Day Six (Thanksgiving)

“What now?” My dad removed his coat and scarf. “It’s only seven. Anyone want to go see a movie? Doorbusters?”

My mom and I looked at him blankly.

“Jigsaw puzzle and Netflix?” my mom said. I told my parents I had homework to do, and they retreated into the basement. They were about halfway done with a three thousand piece rainforest-themed jigsaw puzzle, and they were obsessed.

Every year we went to Thanksgiving dinner at my dad’s friend Tom’s house. Tom lived alone and he would invite four or five families who didn’t have relatives in town. It was always a good time, but Tom was getting old and it seemed like the event got pushed forward by half an hour every year. This year, dinner was done by five-thirty, dessert was served thirty minutes later, and soon after that everyone was out the door so Tom could get ready for bed by eight. Old age didn’t seem very fun.

I sat down at the table in the living room that I’d converted into my homework space over the last couple of days. In the middle of the scattered clump of papers was my nearly blank physics problem set. The textbook was open to a ray diagram for a convex lens. I closed my eyes and rested my head on the book. Rain tapped rhythmically against the roof. Maybe working on the jigsaw puzzle for a while would get my mind moving.

A knock on the door. I opened it and Vanessa was standing there in her yellow rain slicker.

“Hey,” I said. “It’s kind of late.”

She squinted at me like I was out of my mind.

“It’s seven o’clock.”

“Oh. Right.” We went inside and by habit headed directly to the kitchen.

“Do you still have that Swiss hot chocolate?”

“Yeah, it’s super old, but I don’t think it gets stale.” I found the tin in a cupboard. Vanessa had already gotten milk from the fridge and was rummaging around the drawers under the stove for a pot.

“So what brings you across town?” I asked as she got to work on the stove.

“Oh, you know, just trying to follow through on the being a better friend thing. And I’d had enough of the extended family.”

“I feel like it’s part of the deal of the Thanksgiving thing though, sticking around with the family even after you’re sick of them.”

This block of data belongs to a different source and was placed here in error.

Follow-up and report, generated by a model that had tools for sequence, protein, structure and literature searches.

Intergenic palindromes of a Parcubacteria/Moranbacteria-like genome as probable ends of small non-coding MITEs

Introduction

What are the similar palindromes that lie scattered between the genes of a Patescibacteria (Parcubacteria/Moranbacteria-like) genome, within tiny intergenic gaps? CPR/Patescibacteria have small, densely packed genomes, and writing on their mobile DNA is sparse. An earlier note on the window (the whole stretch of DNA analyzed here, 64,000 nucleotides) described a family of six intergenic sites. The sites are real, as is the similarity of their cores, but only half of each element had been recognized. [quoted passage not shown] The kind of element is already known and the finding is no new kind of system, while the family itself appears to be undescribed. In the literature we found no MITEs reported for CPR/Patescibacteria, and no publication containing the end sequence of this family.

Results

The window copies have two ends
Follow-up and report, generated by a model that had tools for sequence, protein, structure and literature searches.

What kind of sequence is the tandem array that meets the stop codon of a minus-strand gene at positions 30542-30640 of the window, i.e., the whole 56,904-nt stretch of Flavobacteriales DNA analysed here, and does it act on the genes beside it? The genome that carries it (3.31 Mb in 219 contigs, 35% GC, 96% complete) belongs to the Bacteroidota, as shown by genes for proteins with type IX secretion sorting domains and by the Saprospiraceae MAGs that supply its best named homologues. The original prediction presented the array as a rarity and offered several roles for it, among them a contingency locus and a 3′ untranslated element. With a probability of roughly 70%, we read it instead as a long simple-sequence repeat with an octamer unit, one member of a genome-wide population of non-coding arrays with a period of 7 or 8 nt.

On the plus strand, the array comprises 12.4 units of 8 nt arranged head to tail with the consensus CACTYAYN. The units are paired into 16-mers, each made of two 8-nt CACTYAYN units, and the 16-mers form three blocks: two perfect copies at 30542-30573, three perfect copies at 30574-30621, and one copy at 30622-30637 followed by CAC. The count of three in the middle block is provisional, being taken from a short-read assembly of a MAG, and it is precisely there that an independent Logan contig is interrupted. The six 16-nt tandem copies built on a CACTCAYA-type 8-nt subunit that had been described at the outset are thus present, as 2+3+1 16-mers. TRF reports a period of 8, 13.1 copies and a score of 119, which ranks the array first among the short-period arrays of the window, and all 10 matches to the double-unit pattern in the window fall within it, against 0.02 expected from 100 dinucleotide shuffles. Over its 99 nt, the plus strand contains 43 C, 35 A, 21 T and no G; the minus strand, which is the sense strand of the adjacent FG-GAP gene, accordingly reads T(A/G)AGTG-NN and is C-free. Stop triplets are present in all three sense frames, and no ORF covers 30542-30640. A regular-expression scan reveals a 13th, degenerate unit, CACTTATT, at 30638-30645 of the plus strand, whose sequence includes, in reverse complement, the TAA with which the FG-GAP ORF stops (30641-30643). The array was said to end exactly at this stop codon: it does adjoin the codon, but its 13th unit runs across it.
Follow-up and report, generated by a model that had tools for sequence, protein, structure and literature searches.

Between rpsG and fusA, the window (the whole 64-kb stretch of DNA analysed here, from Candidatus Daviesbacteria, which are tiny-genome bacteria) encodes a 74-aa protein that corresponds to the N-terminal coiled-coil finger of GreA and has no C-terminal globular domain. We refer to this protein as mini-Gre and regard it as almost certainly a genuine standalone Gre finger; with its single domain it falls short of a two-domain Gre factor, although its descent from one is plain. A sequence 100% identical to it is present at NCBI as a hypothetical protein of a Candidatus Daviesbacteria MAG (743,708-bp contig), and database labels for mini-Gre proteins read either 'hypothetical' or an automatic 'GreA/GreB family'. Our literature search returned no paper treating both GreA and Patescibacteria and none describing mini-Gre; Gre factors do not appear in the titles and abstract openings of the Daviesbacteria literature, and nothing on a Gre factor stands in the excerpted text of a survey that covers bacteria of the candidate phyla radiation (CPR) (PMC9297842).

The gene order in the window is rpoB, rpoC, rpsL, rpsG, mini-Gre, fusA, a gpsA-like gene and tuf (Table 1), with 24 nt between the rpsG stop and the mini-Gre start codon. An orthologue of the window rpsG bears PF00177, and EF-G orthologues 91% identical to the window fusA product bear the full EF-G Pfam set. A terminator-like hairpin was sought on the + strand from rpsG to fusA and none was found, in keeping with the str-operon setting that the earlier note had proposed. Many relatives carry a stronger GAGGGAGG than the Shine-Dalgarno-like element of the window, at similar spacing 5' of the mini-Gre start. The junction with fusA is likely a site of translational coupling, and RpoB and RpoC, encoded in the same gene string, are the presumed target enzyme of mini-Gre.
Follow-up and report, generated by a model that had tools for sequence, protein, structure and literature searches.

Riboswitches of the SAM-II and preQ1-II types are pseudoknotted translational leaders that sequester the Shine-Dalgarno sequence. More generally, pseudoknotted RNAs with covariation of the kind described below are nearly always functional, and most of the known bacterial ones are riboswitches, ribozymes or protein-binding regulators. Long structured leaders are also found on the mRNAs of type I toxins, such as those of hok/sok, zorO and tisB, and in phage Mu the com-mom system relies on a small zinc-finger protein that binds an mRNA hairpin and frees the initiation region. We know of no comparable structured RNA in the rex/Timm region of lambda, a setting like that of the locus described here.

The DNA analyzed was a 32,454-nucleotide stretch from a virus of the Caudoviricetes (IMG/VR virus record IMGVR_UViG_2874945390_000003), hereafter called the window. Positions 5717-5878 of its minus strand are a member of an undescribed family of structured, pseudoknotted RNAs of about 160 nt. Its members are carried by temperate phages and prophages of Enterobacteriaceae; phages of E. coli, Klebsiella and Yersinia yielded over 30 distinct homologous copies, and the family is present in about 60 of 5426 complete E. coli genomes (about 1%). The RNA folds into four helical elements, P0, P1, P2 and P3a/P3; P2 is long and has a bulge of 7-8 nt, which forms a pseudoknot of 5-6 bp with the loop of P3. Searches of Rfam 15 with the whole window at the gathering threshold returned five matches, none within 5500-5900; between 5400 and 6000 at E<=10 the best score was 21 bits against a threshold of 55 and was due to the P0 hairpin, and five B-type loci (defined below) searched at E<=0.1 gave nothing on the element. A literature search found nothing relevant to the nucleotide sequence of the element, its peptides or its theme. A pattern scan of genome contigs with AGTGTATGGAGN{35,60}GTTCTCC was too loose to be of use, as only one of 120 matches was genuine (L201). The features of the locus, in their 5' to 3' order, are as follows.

“Where’s your family?”

“I don’t have family.”

“Your mom and dad though.”

“Downstairs working on their jigsaw puzzle.”

Vanessa did the that’s-so-cute-I’m-going-to-cover-my-mouth-with-my-hands-thing.

“They still do jigsaw puzzles? Aww.” She paused. “Yet here you are, not with them.”

“I have homework to do.” Vanessa snorted.

“Like that’s ever a good excuse.” She wandered over to the living room table. “Optics?”

“Yeah.”

“Good shit.” She returned to the kitchen and sat next to me on the counter. I looked at her. She looked at me and blinked slowly.

“Want to say hi to my folks?” I asked.

“Sure. Let’s wait for the cocoa first though.” We looked at the pot of milk on the stove.

“There’s a saying about this, I think,” I said. Vanessa shrugged. “I heard about Lionel,” I added. “I’m so sorry.” She shrugged again.

“Thanks.”

“Why didn’t you tell me when it happened?”

She didn’t respond for a while. It seemed like she was searching for an answer herself.

“I guess we hadn’t talked for a a couple of months when he died, and you just didn’t seem like the right person to turn to.”

“And then it just never came up?”

“Well, we haven’t talked very much since then, have we?” Vanessa said this not quite coldly, but almost, and hopped down from the counter to check on the milk. She got a couple of mugs and filled them. I tossed her the tin of choclate.

“Apparently people thought we weren’t talking because we’d hooked up and were awkward about it,”I said. Vanessa laughed and stirred the chocolate into our drinks.